Podcast Review: Welcome to Night Vale

Written by Joseph Fink and Jeffrey Cranor. Narrated by Cecil Baldwin. Produced by Night Vale Presents. 2012-2017.

Reviewed by Joshua Pederson, Boston University

It’s hard to overestimate the uniqueness of Welcome to Night Vale, the podcast that took the world—or at least the iTunes Store—by storm a few years back. The community radio broadcast from a fictional desert berg is as thoroughly strange as it is addictive. Yet it’s easy to tease out its influences. Imagine if every episode of The Twilight Zone were set in the same city; Night Vale is that city’s radio news. Or even better, imagine if Garrison Keillor started broadcasting from Twin Peaks rather than Lake Wobegon. In either case, homespun weirdness is the goal.

A big part of the podcast’s fun comes from the huge variety of paranormal and supernatural experiences it features. Yes, there are aliens and secret government conspiracies. (Surely, creators Joseph Fink and Jeffrey Cranor watched The X-Files as adolescents.) But there are also angels living in an old woman’s house on the edge of town. And mysterious hooded figures haunting a dog park. There is an underground city hidden beneath the pin retrieval area of lane five at the local bowling alley. And a cat suspended forever in space above the sink in the station bathroom. Simply put, the canny and the uncanny mix and mingle so closely in Night Vale that the line between them (as Freud once predicted) eventually just disappears. Yet Fink and Cranor play this mingling for laughs as often as they do for chills, and their knack for comedy saves the podcast from feeling cumbersome or self-serious. To their credit, the Night Vale creators never forget that science fiction and camp live just a few doors apart on the same road.

But to focus on the podcast’s pop-culture roots or its tantalizing play with genre is to miss its literary qualities. Fink and Cranor admit to being scrupulous editors of each of the hundred or so episode scripts, passing each back and forth many times during marathon editing sessions. And the voice of Night Vale (Cecil, played by Cecil Baldwin) pronounces each word with such care, such focus, that one can’t help but notice how hard the writers are trying to find the mot juste—to wrench poetry from prose. This slippage comes to a head in an early episode called “Poetry Week,” in which the sheriff’s secret police force residents to write hundreds of thousands of pages of verse in a compelled demonstration of civic pride. Some are hilarious. Some are just good. Here is a snippet of one:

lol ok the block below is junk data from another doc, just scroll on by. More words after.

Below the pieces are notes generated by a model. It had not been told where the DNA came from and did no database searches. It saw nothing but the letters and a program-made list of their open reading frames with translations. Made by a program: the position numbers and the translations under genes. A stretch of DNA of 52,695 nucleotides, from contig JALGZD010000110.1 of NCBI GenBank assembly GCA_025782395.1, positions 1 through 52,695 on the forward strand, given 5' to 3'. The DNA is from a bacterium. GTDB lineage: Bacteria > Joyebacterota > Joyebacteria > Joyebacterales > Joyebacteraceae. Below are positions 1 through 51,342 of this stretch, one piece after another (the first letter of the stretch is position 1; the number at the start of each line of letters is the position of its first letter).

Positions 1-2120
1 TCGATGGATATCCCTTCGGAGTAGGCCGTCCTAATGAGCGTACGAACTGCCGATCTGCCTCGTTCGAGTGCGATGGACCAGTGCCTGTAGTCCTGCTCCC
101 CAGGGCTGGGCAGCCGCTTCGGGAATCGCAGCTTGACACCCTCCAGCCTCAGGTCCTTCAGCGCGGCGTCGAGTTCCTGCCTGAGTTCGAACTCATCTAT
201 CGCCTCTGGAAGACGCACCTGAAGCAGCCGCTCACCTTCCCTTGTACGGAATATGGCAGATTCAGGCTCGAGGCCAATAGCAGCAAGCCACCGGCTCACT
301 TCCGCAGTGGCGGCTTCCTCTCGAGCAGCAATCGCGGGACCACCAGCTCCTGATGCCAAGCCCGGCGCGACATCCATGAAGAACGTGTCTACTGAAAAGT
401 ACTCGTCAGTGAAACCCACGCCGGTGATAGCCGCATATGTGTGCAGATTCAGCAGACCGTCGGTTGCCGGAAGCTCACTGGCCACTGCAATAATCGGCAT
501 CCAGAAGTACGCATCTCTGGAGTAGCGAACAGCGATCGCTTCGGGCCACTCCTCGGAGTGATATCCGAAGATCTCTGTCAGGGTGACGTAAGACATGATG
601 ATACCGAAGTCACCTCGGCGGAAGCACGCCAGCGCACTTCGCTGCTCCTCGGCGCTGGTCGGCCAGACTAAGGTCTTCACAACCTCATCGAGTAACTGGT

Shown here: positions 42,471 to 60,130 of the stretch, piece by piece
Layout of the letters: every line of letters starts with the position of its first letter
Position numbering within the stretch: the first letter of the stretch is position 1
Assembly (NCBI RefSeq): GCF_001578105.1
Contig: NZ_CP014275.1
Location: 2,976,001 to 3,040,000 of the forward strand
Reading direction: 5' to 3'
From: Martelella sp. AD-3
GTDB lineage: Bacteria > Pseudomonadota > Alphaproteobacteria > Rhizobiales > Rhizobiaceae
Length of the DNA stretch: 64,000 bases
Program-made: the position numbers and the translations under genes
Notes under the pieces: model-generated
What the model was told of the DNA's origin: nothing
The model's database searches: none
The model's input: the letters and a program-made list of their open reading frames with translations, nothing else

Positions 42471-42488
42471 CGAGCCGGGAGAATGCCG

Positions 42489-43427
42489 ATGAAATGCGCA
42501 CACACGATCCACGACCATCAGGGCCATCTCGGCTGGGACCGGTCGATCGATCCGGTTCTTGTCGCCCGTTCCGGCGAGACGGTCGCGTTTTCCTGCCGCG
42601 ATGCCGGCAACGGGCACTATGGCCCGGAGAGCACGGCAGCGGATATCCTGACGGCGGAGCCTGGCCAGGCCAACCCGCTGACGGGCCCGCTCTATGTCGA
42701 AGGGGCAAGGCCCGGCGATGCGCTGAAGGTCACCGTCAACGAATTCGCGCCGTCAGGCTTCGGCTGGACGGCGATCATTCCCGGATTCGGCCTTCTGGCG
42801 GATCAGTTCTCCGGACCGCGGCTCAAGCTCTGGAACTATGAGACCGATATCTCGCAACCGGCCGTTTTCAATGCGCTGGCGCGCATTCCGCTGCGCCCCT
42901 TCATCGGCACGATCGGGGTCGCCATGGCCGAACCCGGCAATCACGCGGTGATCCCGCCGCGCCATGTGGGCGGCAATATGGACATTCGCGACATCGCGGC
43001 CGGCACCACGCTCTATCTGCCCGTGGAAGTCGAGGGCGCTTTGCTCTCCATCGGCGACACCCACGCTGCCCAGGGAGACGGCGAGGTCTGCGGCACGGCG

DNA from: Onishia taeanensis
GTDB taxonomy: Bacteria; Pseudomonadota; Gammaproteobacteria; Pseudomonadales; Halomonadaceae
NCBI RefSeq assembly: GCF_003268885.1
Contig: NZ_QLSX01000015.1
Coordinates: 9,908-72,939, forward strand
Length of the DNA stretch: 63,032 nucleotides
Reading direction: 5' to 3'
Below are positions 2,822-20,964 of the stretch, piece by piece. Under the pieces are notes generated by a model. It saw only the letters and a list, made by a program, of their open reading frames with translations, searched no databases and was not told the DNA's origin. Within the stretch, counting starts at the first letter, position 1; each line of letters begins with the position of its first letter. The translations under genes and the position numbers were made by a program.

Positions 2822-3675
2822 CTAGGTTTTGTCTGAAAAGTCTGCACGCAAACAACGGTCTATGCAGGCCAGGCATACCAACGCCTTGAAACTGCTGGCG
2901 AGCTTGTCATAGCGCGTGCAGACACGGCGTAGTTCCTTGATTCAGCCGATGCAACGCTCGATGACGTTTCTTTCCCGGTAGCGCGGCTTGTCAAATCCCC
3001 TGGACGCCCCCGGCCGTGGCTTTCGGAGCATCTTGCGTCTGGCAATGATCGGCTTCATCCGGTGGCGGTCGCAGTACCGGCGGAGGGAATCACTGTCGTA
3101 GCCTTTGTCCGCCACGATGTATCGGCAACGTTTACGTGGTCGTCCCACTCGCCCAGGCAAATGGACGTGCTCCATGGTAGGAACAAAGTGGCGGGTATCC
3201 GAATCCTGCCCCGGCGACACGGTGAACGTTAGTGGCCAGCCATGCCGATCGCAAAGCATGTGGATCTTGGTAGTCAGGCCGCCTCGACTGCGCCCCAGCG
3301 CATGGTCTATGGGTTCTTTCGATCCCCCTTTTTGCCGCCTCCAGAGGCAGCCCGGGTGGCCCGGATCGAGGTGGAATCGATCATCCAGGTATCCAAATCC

On Sunday, a lambent crevice
opened up in the street outside my house.
By Tuesday, birds were flying into it.

“I probably won’t miss you,” my mother said.
“I’m only interested in the end of the world,” I replied.

Many find it difficult to breathe
without the atmosphere,
but we knew how;
we just stopped breathing. (Episode 20)

Maybe we catch a bit of Elizabeth Bishop here. Maybe Larry Levis. Yet if Night Vale has a literary father, surely it is Samuel Beckett. (Beckett too wrote radio plays—which remain some of his most under-appreciated works.) In Night Vale as in, say, Endgame, the creep of existential dread is never far off. And yet in both, our pained attempts to make meaning in a meaningless universe are often occasions for a black humor. (After all, as Beckett famously writes, “Nothing is funnier than unhappiness.”) Here is one of those occasions, in the form of a school superintendent’s report:

The Night Vale School District announces that schools will be closed all of next week, because nothing really matters, and is anything even real? They cited the ever-widening night sky as the impetus for this decision. “How can we place any importance on something so insignificant as math or spelling or history when the void has already swallowed our tiny existence? We are ants, crushed daily by the indifferent feet of the universe, and – it’s just no good anymore! We can’t carry on like this,” the School Board said, swigging on a bottle of table wine and bobbing their heads weakly. (Episode 22)

In giving wide audience to such delectable strangeness, Cranor, Fink, and Baldwin demonstrate the alluring potential of the podcast to host more daring generic and formal experiments than we’re likely to see in other media. I for one can’t wait for the next hundred episodes.

Works Cited

Night Vale Presents. Welcome to Night Vale. Written by Joseph Fink and Jeffrey Cranor, Narrated by Cecil Baldwin, 2012-2017, http://www.welcometonightvale.com/.  Accessed 1 April 2017.